READER: I was disappointed that a great newspaper missed out on the National Day of Prayer with only a picture and a caption as opposed to what really took place over at the fountain at The Marketplace.
There were several dignitaries there, including the mayor, Shannon Grove, Karen Goh, and others and they spoke and prayed and talked about our country and how much we needed prayer. This is a major event of the year, much bigger than the March on Cancer, which was front page news, and I'm disappointed greatly that the paper so badly missed it and didn't give any good report, just a picture and none of the comments made by our local dignitaries.
I'd appreciate much better coverage in the future.
Again I do like The Californian, it does seem to be fairly balanced and I do look forward to reading it each and every day. So keep up the good work on the other parts, and I'd like some feedback as to why there wasn't better coverage when we had such a major event, the first of its kind...
ARTHUR : Gary, thanks for your very kind note. The reason the prayer event did not receive greater coverage was simply due to our manpower levels here in The Californian newsroom. That evening we had no reporters who were available to be sent but we did send a photographer, as you noted.
This type of decision is made every day around here. We just can't send staffers to every event or sports contest so editors have to make often-painful decisions on where to deploy our resources.
If your reference to the March on Cancer was to the Relay for Life event, I think we have to acknowledge that Relay was much bigger. More than 6,000 people registered for this year's Relay for Life and organizers have so far raised more than $1.6 million, with more expected. The Bakersfield Relay for Life is one of the biggest in the U.S.
READER: I wish to correct a factual misstatement in Susan Scaffidi's recent article regarding the departure of Bakersfield Symphony Music Director John Farrar ("A Career of Crescendos" May 3, 2013).
Ms. Scaffidi drew an unwarranted contrast between Mr. Farrar and Fresno Philharmonic Music Director Theodore Kuchar, stating that Mr. Kuchar "cleaned house" when he took over the Fresno podium in 2001 by "replacing many longtime Fresno area musicians with performers from Los Angeles and San Francisco."
In fact, Mr. Kuchar has not dismissed a single player during his tenure with the Fresno Philharmonic and currently a significant percentage of our tenured musicians live in the Fresno area. Personnel in regional orchestras change over time for many reasons and Ms. Scaffidi incorrectly characterized the situation here in Fresno.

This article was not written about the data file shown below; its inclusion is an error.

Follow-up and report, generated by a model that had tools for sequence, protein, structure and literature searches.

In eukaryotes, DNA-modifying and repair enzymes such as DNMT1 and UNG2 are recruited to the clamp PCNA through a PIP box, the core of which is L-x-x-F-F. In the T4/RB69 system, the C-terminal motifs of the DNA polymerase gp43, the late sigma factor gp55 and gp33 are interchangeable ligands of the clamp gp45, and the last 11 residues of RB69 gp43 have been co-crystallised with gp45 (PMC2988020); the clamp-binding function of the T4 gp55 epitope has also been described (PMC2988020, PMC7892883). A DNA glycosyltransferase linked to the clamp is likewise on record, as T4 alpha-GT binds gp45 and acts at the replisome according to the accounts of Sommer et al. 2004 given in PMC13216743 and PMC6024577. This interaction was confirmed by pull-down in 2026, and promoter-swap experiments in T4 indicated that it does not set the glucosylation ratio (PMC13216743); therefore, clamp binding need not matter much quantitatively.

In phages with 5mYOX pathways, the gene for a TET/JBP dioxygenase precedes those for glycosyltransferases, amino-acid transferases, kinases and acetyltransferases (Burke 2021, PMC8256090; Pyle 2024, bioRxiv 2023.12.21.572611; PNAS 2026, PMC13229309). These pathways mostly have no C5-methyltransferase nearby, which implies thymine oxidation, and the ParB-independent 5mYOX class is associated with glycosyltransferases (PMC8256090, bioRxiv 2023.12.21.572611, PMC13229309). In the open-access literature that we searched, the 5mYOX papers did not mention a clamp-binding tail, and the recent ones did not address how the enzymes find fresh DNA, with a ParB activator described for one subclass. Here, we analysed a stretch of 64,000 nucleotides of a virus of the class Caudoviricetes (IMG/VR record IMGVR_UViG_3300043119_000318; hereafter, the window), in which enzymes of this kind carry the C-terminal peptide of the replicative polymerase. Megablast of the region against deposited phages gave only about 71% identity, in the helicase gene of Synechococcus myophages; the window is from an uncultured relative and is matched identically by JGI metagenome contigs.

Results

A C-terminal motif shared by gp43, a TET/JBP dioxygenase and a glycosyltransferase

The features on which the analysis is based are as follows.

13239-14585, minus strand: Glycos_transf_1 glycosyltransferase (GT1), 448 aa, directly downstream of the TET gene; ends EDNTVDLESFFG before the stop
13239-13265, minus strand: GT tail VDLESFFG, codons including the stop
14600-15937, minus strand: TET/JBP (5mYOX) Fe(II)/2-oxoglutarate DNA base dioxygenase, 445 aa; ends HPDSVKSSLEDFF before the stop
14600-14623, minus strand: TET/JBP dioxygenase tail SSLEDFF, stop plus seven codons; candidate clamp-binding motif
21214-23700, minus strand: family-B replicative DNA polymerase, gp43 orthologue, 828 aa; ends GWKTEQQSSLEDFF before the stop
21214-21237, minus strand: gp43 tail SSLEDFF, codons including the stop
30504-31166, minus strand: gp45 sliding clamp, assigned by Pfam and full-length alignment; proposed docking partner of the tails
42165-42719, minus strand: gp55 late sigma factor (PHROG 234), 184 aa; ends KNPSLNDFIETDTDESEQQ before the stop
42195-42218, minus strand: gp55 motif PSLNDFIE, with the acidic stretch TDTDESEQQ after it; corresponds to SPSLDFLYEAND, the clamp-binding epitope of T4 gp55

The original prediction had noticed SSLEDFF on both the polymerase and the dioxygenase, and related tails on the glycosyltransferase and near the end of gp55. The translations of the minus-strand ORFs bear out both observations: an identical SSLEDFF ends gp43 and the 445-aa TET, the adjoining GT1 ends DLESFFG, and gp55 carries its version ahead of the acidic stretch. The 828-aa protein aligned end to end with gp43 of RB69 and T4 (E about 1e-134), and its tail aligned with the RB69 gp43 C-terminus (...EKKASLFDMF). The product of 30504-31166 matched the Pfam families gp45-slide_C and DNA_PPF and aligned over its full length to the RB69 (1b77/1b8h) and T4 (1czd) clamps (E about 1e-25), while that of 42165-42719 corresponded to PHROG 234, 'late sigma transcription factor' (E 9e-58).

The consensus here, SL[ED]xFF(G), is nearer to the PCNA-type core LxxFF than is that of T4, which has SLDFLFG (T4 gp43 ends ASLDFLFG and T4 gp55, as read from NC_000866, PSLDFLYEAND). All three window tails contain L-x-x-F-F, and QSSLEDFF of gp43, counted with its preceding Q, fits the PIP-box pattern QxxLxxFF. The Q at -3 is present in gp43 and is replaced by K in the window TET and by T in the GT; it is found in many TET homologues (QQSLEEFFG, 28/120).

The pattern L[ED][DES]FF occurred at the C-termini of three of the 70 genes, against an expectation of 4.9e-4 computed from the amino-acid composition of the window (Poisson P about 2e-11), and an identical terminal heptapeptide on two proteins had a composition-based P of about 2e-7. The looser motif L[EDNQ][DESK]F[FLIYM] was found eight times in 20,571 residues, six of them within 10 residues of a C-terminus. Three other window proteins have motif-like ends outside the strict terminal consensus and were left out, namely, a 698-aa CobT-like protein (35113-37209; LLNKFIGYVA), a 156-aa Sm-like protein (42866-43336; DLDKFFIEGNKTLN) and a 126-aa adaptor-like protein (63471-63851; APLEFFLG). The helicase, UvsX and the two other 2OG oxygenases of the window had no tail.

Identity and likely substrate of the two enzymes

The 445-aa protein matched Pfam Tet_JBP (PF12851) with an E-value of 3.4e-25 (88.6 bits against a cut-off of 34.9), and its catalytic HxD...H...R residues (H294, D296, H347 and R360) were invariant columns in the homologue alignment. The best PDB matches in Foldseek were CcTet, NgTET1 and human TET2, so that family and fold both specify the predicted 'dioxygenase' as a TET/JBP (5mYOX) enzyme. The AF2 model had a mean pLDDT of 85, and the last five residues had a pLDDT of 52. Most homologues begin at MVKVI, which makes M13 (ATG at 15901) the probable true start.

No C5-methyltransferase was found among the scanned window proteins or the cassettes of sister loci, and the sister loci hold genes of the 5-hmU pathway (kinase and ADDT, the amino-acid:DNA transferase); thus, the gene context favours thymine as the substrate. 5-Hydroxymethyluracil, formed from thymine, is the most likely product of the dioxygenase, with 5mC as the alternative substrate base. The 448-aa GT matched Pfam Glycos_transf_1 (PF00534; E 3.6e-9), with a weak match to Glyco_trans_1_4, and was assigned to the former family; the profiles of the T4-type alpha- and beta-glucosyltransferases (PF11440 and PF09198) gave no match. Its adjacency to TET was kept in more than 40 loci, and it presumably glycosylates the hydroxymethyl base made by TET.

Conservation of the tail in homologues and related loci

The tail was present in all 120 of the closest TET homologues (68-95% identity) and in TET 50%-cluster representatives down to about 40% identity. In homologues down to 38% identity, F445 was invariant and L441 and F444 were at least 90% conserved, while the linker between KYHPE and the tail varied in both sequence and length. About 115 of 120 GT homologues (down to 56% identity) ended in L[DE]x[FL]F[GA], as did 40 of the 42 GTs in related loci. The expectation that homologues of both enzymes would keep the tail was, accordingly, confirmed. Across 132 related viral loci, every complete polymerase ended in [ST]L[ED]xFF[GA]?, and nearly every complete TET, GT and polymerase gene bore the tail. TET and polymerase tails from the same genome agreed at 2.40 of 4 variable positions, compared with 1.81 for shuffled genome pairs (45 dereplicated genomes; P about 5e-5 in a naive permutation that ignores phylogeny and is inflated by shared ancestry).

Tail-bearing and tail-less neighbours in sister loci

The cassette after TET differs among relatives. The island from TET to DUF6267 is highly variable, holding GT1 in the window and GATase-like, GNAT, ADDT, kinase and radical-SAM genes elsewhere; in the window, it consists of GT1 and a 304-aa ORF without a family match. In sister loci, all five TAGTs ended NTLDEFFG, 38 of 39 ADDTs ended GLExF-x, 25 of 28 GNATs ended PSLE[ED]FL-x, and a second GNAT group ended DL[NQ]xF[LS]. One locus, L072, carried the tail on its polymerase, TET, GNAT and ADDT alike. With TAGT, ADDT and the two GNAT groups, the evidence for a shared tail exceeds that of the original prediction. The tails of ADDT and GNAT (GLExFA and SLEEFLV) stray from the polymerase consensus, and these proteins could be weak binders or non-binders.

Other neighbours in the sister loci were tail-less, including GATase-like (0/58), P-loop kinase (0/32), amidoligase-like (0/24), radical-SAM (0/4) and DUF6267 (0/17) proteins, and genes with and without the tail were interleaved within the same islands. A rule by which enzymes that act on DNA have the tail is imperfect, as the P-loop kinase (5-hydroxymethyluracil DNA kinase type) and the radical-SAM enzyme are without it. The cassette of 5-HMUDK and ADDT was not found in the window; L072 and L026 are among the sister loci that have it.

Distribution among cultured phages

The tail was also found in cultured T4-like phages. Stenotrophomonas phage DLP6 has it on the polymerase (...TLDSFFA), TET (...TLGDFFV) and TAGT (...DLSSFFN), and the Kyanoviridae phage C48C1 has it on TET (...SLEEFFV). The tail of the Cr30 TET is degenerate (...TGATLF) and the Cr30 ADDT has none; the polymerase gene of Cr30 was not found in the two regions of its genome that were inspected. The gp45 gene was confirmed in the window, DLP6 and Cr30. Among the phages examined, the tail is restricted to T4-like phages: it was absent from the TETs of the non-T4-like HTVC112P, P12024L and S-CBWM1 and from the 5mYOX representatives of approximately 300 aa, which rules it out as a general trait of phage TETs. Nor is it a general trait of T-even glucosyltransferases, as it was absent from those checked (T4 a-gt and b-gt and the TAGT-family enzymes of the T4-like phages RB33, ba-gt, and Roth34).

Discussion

Susan Scaffidi replies: My inclusion of this item was based on contemporary accounts as well as conversations with individuals during the course of writing the story. While all of my sources are completely credible, I am not excused from doing what I should have, namely, seek corroboration from the Fresno Philharmonic. Without that, I should not have included that element.
In looking at the Fresno Philharmonic's online roster of current musicians, I count 73 chairs, six of them unfilled. Of the 67 musicians listed by name, the website identifies 30 as local.
READER: I wish to publicly commend The Bakersfield Californian for maintaining through these difficult financial times a newsroom staff of such quality that a brilliantly played high school baseball game could be brilliantly documented by reporter Zach Ewing and photographer John Harte.
On Friday, May 17, Stockdale High defeated Bullard High 1-0. Players on both teams performed, from the first pitch to the last, under tremendous pressure with skill far beyond their years.
I could not believe my eyes when, in The Californian the following day, Ewing's report and Harte's photograph so exquisitely captured one of the most exciting contests I have seen played at any level of baseball.
If you were not in attendance, and you would like to experience the game, read Ewing's story. If you want to see the key play of the game and have it explained to you for full appreciation, see Harte's photo and the (caption) below it.
When I see people of genius do what only they can do, I always ask myself the same question, "How do they do that?" After my eyes popped in disbelief seeing Harte's photo; and then gobbling up the Ewing report which so amazingly documented a pressure packed, defensively dominated game, I asked myself that very question.
The only thing I know is The Californian put the right people in the right place at the right time so that a very special moment in Kern County sports history lives forever. Thank you.
John C. Teves
The writer is a spokesman for the Kern High School District.
READER : In the May 19 Sunday paper, in the world section, there was an article called N. Korea fires short-range missiles off its east coast.
It began: "BEIJING--North Korea fired three short- range missiles off its east coast Saturday, following through on months of threats to conduct a missile launch."
(But) the picture you have with that article shows 4 -- count them 4 -- missiles being launched at the same time. Is this the new math? 4=3?
Another thing it said was that and I quote again "The South Korean Defense Ministry reported that it detected two launches in the morning and another in the afternoon." Again we are talking about 3 missiles, well the picture of 4 missiles.
I don't know who this info comes from or who is actually reporting it but you should make sure your pictures match your articles if you want people to believe them....
ARTHUR: Thanks for your note and I can see why you might have been confused, but no photos we made available by the North Korean government of that day's missile launch. To illustrate the wire service story we carried a file photo from March 14 of four missiles being launched.
The caption clearly said the photo was from March 14.
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